Financial abuse happens when someone is controlling with money and assets. It’s a serious problem that can happen to anyone at any age, regardless of your wealth, ethnic background, gender, age or ability.
It can manifest as economic control – like a carer denying a person access to their money, or a spouse making financial decisions for their partner without consulting them. Or it can be through financial exploitation, such as an independent adult child moving in with an elderly parent and not contributing to living costs.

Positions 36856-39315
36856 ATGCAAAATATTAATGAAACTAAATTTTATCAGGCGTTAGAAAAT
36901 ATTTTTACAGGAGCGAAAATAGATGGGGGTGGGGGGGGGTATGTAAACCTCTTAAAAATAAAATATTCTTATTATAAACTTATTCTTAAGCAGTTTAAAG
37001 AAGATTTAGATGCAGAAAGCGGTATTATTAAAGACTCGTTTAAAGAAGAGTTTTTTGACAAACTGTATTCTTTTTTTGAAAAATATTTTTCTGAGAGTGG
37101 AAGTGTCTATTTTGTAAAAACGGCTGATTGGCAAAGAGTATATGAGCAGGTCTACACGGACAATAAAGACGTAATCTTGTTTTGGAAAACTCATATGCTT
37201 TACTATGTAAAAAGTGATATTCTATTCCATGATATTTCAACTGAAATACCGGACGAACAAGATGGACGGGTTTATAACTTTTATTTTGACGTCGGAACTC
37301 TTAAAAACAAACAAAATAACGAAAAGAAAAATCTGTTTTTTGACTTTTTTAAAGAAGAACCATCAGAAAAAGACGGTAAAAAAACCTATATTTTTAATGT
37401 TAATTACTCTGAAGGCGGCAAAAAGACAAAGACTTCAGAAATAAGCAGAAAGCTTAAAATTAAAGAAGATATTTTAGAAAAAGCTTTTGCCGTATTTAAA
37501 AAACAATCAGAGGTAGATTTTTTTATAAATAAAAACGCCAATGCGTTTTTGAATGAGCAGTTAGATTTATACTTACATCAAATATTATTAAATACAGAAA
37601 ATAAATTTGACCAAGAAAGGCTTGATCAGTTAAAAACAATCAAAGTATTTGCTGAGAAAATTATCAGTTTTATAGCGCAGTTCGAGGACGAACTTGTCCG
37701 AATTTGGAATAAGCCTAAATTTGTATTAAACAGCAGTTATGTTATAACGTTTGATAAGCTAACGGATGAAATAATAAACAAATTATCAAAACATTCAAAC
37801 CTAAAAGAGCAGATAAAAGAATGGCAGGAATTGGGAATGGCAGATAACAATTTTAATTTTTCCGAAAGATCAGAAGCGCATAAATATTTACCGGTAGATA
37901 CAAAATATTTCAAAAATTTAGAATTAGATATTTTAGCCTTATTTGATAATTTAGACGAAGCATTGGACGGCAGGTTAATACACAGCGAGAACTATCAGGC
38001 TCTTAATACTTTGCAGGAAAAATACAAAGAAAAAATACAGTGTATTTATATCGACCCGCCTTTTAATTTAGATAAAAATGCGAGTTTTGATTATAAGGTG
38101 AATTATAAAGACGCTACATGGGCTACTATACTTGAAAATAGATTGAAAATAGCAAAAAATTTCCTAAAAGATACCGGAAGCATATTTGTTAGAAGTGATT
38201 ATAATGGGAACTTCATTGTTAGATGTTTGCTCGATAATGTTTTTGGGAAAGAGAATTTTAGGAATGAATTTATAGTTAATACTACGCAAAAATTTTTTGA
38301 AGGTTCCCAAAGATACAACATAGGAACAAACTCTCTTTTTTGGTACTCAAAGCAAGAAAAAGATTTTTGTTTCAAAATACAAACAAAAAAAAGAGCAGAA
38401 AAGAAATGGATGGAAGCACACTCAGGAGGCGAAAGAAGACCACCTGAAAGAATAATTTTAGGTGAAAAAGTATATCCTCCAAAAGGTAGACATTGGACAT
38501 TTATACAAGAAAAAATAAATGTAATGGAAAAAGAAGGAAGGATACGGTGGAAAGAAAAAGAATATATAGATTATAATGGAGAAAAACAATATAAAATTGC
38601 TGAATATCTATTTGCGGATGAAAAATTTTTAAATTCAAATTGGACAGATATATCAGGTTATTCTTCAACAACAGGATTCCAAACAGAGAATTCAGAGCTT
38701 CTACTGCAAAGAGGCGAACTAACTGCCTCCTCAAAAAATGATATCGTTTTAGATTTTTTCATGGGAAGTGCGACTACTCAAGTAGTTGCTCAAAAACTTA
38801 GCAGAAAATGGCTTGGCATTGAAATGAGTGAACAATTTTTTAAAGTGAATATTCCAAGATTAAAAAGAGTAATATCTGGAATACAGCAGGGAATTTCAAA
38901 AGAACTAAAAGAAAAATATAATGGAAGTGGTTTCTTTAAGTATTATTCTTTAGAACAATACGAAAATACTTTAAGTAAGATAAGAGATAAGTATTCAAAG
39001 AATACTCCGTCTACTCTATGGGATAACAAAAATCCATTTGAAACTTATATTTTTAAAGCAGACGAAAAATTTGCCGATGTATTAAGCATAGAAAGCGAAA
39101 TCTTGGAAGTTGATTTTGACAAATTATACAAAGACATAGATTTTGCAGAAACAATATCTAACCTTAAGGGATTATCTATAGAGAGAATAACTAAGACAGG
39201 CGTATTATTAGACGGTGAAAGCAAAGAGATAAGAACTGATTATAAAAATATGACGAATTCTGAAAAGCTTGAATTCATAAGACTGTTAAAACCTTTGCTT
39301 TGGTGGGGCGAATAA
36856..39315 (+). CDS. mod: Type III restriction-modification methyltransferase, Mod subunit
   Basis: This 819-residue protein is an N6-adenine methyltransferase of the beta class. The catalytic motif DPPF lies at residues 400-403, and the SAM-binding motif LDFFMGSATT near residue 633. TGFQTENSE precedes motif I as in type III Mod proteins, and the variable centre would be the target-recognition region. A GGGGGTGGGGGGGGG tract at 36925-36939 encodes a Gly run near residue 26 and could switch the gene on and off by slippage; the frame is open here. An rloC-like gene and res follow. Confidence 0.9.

Craig Day, Executive Manager of Technical Services at Colonial First State, cites an example where a financial adviser’s clients mentioned that their son had started a new business and wanted them to be guarantors for his business loan.
“This would have loaded up a huge level of debt on their house,” he said. “The adviser’s understanding of his clients’ son made him concerned that in around 12 months, they wouldn’t have a house anymore.”
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